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Healthy Living For Infants
WHAT YOU NEED TO KNOW:
What do I need to know about my baby's growth and development?
Your baby will grow more quickly during the first year of life than at any other time. Your baby's muscles and motor skills will develop during the first year. Your baby will learn how to eat foods and use utensils and cups. Healthy food that is right for his or her age will help your baby grow and develop normally. He or she will also need to be physically active to develop muscle strength. Muscle strength will help him or her learn to pick up objects, crawl, stand, and walk.
Which foods should I feed my baby from birth through 6 months?
- Breast milk gives your baby the best nutrition. It also has antibodies and other substances that help protect your baby's immune system. Ask your healthcare provider for information about the other benefits of breastfeeding. Babies should breastfeed for about 10 to 20 minutes or longer on each breast. Your baby will need 8 to 12 feedings every 24 hours. If he or she sleeps for more than 4 hours at one time, wake your baby up to eat.
- Iron-fortified formula provides all the nutrients your baby needs. Formula is available in a concentrated liquid or powder form. You need to add water to these formulas. Follow the directions when you mix the formula so your baby gets the right amount of nutrients. There is also a ready-to-feed formula that does not need to be mixed with water. There are different types of formulas. Ask the healthcare provider which formula is right for your baby. Your baby will drink about 2 to 3 ounces of formula every 2 to 3 hours when he or she is first born. As your baby gets older, he or she will drink between 26 to 36 ounces each day. When your baby starts to sleep for longer periods, he or she will still need to feed 6 to 8 times in 24 hours.
- At about 6 months, offer iron-fortified infant cereal to your baby. Ask your healthcare provider when your baby is ready for infant cereal. He may suggest that you give your baby iron-fortified infant cereal with a spoon 2 or 3 times each day. Mix a single grain cereal (such as rice cereal) with breast milk or formula. Offer him or her 1 to 3 teaspoons of infant cereal for each feeding. Sit your baby in a high chair to eat solid foods.
Which foods should I feed my baby from 6 to 12 months?
- Continue to feed your baby breast milk or formula 4 to 5 times each day. As your baby starts to eat more solid foods, he or she may not want as much breast milk or formula as your baby did before. He or she may drink 24 to 32 ounces of breast milk or formula each day.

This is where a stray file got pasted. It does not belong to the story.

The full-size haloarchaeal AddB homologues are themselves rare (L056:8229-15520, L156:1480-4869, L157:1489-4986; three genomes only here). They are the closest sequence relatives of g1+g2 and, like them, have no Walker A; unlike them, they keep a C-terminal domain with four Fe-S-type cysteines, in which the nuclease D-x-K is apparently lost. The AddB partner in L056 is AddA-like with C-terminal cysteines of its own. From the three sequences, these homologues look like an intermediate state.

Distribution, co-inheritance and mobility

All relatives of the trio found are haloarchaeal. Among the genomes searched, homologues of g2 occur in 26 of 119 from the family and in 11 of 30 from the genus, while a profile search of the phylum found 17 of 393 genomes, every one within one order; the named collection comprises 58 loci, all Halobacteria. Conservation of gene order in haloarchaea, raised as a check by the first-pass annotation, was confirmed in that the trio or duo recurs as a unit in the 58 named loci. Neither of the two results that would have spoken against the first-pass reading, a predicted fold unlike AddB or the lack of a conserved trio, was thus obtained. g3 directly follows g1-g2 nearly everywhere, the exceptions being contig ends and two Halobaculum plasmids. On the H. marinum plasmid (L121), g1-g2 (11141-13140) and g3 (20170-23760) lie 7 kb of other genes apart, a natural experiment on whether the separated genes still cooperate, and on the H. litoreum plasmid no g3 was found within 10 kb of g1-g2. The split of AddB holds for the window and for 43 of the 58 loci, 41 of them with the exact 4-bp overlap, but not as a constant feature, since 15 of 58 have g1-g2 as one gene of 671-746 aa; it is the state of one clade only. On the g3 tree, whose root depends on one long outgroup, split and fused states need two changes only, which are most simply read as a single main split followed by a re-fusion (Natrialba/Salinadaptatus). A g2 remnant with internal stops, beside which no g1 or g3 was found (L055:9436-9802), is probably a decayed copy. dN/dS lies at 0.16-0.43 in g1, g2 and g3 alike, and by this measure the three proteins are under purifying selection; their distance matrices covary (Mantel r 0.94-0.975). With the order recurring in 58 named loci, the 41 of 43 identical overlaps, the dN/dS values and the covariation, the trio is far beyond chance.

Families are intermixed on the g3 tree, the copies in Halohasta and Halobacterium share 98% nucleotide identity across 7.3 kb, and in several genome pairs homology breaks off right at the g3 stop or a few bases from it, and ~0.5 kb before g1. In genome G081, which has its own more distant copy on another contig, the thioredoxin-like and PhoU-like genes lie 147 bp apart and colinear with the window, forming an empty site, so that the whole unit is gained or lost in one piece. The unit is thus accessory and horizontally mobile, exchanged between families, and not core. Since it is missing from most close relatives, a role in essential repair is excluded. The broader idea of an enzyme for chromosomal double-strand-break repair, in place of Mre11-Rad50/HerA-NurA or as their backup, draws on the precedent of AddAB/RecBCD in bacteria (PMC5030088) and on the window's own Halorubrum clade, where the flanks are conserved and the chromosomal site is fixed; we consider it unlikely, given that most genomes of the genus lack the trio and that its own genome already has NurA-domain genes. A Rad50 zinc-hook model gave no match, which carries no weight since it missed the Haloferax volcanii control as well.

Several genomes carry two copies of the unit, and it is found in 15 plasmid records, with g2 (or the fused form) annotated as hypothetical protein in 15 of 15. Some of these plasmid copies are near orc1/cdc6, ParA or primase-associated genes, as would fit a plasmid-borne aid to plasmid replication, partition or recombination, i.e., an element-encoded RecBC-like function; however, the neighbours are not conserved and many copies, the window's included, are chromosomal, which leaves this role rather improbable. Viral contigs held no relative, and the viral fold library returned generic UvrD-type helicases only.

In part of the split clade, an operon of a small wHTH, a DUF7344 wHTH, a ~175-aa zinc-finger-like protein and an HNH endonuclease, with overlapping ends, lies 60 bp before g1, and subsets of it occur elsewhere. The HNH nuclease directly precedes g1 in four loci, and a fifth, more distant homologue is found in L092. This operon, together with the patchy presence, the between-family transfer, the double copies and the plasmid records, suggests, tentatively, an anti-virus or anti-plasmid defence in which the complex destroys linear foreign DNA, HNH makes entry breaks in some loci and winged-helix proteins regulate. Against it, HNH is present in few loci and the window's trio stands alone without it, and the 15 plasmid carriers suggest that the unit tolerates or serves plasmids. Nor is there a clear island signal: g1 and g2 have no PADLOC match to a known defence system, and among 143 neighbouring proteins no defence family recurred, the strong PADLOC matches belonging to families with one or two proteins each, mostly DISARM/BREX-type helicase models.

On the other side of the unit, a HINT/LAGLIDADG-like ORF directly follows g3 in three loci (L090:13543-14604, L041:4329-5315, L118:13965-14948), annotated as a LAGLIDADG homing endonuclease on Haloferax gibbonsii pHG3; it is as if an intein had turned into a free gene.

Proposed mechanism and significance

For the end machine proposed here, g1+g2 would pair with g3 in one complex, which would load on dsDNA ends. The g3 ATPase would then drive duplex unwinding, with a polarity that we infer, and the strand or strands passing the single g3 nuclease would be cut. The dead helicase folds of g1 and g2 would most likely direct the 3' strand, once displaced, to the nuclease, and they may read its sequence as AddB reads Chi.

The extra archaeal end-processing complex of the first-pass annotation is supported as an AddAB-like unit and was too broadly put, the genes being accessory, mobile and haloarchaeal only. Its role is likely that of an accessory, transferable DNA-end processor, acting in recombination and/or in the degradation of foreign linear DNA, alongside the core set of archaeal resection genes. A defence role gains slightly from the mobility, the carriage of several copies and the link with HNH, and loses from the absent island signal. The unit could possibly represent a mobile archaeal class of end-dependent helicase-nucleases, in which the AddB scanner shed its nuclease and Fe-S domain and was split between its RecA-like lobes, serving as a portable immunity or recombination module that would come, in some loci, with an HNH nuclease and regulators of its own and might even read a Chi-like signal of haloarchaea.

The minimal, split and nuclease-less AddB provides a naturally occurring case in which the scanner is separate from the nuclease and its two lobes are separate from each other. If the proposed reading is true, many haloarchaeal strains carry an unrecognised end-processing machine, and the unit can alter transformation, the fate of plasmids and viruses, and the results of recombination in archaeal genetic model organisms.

- Offer new foods to your baby such as strained fruits, vegetables, or meat. Give your baby only 1 new food every 2 to 7 days. Avoid giving your baby several new foods at the same time or foods with more than 1 ingredient. If your baby has a reaction to a new food, it will be hard to know which food caused the reaction. Reactions to look for include diarrhea, rash, or vomiting.
- At about 9 months of age, give your baby finger foods. When your baby is able to pick up objects, he or she can learn to pick up foods and put them in his or her mouth. Your baby may want to try this when he or she sees you putting food in your mouth at meal time. You can feed your baby finger foods such as soft pieces of fruit, vegetables, cheese, meat, or well-cooked pasta. You can also give your baby foods that dissolve easily in his or her mouth such as crackers and dry cereal. Your baby may also be ready to learn to hold a cup and try to drink from it.
Which foods should I avoid feeding my baby?
- Liquids other than breast milk or formula should not be given to your baby in a bottle. Sweet liquids in a bottle may cause him to get cavities. These liquids also do not have the nutrients your baby needs to grow. When your baby is ready to learn to drink from a cup, a small amount of 100% fruit juice is okay. Do not give more than 4 ounces of juice to your baby each day. Your baby will get enough liquid by drinking breast milk or formula. Fruit juice should not be given before your baby is 1 year old. Fruit juice has no nutritional use for babies younger than 1 year. Ask your baby's healthcare provider when it is okay to give your baby juice. Do not give your baby juice before bedtime.